“How can we conduct an anti-illegal drug operation now that the drugs are already out of the cylinders? Everybody was touching the drugs. They (Customs) contaminated everything,” Villanueva said.

“They (Customs side) won’t listen to PDEA. They don’t listen to us experts. They insisted that only one crate would suffice for controlled delivery operation. I am a Director. I am not a Mr. Nagmamagaling kasi kayo, wala naman kayong alam! (You act like you know the job well, but you know nothing!),” he added.

Faeldon insisted that he did the right thing.

“There is a call for the truth to come out, and we appreciate this investigation. I would like to make this clear: Faced with the same situation, I would still make the same decision. I was the only one who insisted that the owner of the warehouse should be charged, that’s why I want part of the [illegal]drugs] to be left in the warehouse [and out of controlled delivery operation],” Faeldon, a former Marine captain, argued.

“I just want to have an evidence against the owner of the warehouse. If all of the drugs will be subjected to controlled delivery operation under PDEA, we won’t have evidence on the owner of the warehouse,” he added.

Blame BOC

BUHAY Partylist Rep. Lito Atienza said the BOC should get the blame for the entry of the illegal drugs.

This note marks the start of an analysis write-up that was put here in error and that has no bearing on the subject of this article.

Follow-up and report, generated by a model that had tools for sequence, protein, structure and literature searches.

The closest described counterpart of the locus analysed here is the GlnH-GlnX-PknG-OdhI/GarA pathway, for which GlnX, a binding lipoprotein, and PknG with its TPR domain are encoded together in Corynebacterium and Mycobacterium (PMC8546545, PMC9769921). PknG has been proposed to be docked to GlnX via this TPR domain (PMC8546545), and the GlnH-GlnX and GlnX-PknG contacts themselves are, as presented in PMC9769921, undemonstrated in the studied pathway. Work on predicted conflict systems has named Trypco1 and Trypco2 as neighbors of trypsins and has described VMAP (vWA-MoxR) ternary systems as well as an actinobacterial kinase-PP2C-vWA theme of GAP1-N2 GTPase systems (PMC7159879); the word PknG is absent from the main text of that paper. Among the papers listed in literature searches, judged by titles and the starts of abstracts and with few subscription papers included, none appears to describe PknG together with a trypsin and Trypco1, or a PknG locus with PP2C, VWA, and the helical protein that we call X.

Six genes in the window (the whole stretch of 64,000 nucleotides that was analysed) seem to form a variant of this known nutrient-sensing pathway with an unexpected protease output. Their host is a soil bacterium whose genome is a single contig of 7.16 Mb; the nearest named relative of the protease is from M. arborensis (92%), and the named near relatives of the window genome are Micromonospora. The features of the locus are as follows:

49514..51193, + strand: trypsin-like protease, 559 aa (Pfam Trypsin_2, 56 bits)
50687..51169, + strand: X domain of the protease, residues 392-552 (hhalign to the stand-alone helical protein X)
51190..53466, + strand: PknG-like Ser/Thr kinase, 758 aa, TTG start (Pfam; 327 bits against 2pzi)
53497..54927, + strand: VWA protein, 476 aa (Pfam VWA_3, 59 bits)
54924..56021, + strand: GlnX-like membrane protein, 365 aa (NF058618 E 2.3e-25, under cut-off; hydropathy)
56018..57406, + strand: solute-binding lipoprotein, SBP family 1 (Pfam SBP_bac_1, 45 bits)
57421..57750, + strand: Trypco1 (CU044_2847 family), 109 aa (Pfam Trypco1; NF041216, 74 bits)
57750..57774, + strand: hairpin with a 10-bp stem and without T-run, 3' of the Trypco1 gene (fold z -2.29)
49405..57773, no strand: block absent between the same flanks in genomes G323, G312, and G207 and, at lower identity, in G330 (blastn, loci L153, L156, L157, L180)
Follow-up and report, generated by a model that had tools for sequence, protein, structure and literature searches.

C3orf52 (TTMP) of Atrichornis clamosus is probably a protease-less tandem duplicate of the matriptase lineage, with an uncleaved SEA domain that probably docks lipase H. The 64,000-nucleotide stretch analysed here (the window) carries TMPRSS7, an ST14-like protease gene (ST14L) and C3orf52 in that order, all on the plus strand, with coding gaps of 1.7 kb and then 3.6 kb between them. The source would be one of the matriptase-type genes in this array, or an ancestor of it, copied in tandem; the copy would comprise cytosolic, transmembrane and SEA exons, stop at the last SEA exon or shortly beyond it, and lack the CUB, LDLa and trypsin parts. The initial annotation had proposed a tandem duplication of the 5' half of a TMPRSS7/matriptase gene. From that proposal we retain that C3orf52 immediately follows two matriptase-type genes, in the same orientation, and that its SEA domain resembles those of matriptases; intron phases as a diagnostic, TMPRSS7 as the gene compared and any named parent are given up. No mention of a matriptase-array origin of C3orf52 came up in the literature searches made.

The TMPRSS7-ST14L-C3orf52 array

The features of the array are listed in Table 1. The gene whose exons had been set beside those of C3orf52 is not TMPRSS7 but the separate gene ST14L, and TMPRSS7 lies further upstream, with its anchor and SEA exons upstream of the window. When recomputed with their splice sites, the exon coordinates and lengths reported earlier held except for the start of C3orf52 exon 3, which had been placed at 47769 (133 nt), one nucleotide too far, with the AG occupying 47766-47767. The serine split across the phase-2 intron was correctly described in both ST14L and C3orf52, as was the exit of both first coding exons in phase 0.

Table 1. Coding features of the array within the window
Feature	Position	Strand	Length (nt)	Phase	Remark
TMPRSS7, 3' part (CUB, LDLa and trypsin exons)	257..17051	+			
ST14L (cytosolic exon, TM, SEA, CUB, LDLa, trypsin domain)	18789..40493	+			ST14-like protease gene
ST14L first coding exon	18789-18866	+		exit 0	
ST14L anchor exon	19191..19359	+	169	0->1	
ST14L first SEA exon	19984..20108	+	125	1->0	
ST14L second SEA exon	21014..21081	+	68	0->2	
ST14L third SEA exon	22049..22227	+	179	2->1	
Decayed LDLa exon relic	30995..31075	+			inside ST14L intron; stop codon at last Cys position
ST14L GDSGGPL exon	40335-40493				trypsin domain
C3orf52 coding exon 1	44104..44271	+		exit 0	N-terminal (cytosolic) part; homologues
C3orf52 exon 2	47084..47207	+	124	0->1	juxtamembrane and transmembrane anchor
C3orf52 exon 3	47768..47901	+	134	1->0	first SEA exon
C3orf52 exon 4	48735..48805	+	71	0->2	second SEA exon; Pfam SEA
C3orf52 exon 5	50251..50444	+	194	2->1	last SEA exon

“We blame the Bureau of Customs for the entry of the P6.25 billion worth of shabu into our country, legally at that.
Thousands have been killed in the government’s ongoing war on drugs. But it is ironic that the entry of shabu continues unabated. They failed to implement the pre-inspection provision in the Customs Modernization and Tariff Act (CMTA). Section 440 of the CMTA is very specific, container vans should be inspected at their ports of origin. They should be cleared at the port of origin before shipment,” Atienza said.

“This provision would ensure that all containerized cargos bound for the Philippines would undergo inspection at the country of supply or export by an accredited third-party cargo surveying company. This would be of no cost to the government as it is the shipper that would shoulder the expense. If properly implemented, this would prevent illegal goods from even reaching our ports. During our meetings with private importers, they were all in favor of having their cargo cleared before shipment. Why then is the BOC foot-dragging and dilly-dallying on its implementation?” he added.

Atienza pointed out that the BOC processes around 3,300 container vans per day but only 8 percent or 240 of these containers are being inspected.

“With such a miniscule percentage of containers undergoing inspection, what happens to the other 92 percent? Who knows how many more shipments may have escaped discovery this past year alone? We urge the BOC to immediately implement the pre-screening at the port of origin to avoid incidents of smuggling and entry of illegal drugs to our country,” Atienza stressed.